How would you feel if you wrote 25,000 words in a month?   Is that your normal routine or does it seem a long way off? For me, it feels like quite a stretch. It’s only 1,000 words a day, and even gives you a few days off, but have I been doing it regularly? No. Life just gets in the way.   My poor notebook feels very unloved.   In April I took part in the Screw Work Lets Play 30 Day Challenge. You pick your own challenge which, crucially, must be something you find FUN, and work alongside 200 other people to produce something tangible in a month. Being told to have fun – I can get on board with that.   I built a website from scratch when this challenge happened in April, one I’d been wanting to make for ages but had put off because I didn’t know quite how to do it and was a bit scared of how it would turn out. It was the combination of the overall ‘we can do this!’ feeling alongside weekly accountability check-ins with a small group to hold myself that I really liked. And having something solid to show at the end of a month is such a brilliant feeling that I can’t wait to do it again in October. This time I’m going to write 25,000 words of a novel, and will be hanging out in the writing group on the forum.   True, I could just sit myself down and do it without joining the challenge. But honestly, would I? Experience tells me that the...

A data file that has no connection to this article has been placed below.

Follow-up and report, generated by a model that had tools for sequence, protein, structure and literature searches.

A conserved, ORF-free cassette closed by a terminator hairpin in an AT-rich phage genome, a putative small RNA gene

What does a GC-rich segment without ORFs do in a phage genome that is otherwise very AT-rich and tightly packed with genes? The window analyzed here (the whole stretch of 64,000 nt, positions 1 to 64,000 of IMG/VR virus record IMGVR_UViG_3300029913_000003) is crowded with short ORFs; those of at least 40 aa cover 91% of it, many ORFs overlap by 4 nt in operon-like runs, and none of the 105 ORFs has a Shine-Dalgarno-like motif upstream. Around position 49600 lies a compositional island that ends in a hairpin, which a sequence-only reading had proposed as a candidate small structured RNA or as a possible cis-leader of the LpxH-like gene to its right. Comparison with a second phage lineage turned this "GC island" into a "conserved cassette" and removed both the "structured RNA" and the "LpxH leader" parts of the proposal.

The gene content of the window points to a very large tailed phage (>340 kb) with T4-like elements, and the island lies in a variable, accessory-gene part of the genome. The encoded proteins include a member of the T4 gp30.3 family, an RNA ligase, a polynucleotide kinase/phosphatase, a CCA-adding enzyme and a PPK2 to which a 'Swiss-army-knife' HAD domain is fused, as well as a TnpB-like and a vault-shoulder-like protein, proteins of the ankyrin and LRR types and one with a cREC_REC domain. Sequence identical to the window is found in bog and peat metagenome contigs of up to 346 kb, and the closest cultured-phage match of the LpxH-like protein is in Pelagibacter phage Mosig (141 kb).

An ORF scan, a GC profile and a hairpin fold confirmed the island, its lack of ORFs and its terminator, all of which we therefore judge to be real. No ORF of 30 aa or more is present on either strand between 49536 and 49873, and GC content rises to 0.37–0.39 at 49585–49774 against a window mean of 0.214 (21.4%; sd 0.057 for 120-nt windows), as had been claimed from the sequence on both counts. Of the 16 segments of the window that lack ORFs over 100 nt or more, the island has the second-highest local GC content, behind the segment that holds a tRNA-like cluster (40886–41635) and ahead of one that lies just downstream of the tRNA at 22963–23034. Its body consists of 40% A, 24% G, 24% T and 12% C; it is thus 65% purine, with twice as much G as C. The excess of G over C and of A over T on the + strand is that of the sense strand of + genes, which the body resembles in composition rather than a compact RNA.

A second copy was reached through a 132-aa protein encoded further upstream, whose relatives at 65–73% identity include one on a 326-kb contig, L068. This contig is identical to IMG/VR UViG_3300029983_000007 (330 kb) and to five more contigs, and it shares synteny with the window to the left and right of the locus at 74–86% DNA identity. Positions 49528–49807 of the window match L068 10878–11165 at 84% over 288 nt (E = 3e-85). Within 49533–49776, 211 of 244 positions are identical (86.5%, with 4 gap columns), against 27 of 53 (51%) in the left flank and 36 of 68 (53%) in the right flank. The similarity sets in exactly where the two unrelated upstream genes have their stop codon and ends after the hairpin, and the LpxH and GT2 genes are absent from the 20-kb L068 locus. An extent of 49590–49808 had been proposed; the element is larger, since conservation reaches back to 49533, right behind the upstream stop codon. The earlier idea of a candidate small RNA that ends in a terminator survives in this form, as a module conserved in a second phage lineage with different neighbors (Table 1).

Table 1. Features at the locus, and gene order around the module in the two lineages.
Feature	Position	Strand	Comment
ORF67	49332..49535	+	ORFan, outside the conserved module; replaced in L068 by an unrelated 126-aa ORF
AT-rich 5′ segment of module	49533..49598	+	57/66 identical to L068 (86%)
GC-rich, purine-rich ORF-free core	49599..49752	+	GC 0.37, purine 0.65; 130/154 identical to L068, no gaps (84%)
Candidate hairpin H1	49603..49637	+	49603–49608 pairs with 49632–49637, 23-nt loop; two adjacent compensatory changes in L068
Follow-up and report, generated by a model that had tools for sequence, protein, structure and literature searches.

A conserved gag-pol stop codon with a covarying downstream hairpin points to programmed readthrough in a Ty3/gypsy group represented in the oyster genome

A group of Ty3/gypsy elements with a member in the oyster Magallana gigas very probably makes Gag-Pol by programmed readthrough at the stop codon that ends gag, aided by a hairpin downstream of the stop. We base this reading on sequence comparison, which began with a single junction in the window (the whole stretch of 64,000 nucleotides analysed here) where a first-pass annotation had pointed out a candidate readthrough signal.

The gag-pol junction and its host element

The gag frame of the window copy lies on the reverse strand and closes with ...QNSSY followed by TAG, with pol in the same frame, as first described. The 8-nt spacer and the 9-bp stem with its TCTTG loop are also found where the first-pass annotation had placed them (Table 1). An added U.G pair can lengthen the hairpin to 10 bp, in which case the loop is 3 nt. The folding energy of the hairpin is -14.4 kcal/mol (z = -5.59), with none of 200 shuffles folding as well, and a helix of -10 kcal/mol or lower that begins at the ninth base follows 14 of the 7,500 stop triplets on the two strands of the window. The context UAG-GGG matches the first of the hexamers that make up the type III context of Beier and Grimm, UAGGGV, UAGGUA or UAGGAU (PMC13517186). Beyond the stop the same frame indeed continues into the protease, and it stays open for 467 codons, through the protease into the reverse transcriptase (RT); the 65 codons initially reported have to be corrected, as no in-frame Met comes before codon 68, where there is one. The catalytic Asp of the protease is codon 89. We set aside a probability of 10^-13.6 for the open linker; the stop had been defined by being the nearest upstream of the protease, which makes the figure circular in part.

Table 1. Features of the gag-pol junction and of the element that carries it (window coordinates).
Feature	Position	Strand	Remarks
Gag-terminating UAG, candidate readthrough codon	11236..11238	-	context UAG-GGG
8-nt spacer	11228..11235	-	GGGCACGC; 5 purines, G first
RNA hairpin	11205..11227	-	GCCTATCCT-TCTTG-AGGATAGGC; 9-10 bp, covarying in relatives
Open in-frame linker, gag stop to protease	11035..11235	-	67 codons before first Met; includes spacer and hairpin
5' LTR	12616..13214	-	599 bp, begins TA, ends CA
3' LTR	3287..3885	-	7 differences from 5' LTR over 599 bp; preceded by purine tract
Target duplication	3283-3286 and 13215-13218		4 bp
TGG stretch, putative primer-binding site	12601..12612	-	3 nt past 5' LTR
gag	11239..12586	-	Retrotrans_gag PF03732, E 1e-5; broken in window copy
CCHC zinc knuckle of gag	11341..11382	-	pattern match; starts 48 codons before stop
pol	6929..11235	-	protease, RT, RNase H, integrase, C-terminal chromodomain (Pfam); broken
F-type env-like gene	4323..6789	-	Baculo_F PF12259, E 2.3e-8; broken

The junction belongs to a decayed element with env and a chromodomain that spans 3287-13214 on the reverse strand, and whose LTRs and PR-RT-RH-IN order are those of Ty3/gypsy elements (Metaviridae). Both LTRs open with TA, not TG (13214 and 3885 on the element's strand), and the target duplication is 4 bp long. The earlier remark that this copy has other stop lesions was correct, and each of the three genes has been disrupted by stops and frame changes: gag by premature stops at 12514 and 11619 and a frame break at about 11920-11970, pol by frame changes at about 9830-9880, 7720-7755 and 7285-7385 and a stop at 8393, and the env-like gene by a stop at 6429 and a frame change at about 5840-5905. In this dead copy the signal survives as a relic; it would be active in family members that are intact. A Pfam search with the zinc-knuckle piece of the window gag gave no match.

June’s retreat

June’s retreat

For a long time this blog just held ‘useful stuff’, resources and tools. Then I found the first Urban Writers blog and remembered that I really enjoyed sharing something a bit more personal, so thought I’d post a couple of photos from yesterday’s retreat. I haven’t really taken any of people working or our breaks because some people might not want their pictures up, but it was such a beautiful day that we had both lunch and afternoon tea outside. We were completely full and it was a lovely bunch, almost all people I’ve not met before. This is what my 5-year old nephew helped me to make on Saturday (scones and badly-lit lemon drizzle cake):     I thought it was time to add a bit more fun to the retreats, so we had a wordcount horserace. The name seems to fox people, but actually it’s kind of self-explanatory. You take a horse (or a giraffe or a monkey) and move it along the racecourse, which is marked with wordcount milestones, as you write more. It’s more to do with being part of a game and challenging yourself than about being competitive with others, and I particularly like the horse that’s going backwards:   Yes, it’s daft, I know. But it’s cute so it’s staying. Afternoon tea was another new element that I’ve been thinking about for a while, partly to combat the afternoon slump and partly because, well, who wouldn’t want a writing retreat with afternoon tea? It just seemed like it would be a lovely thing to do, and it was. Here they are waiting to be eaten. Om nom...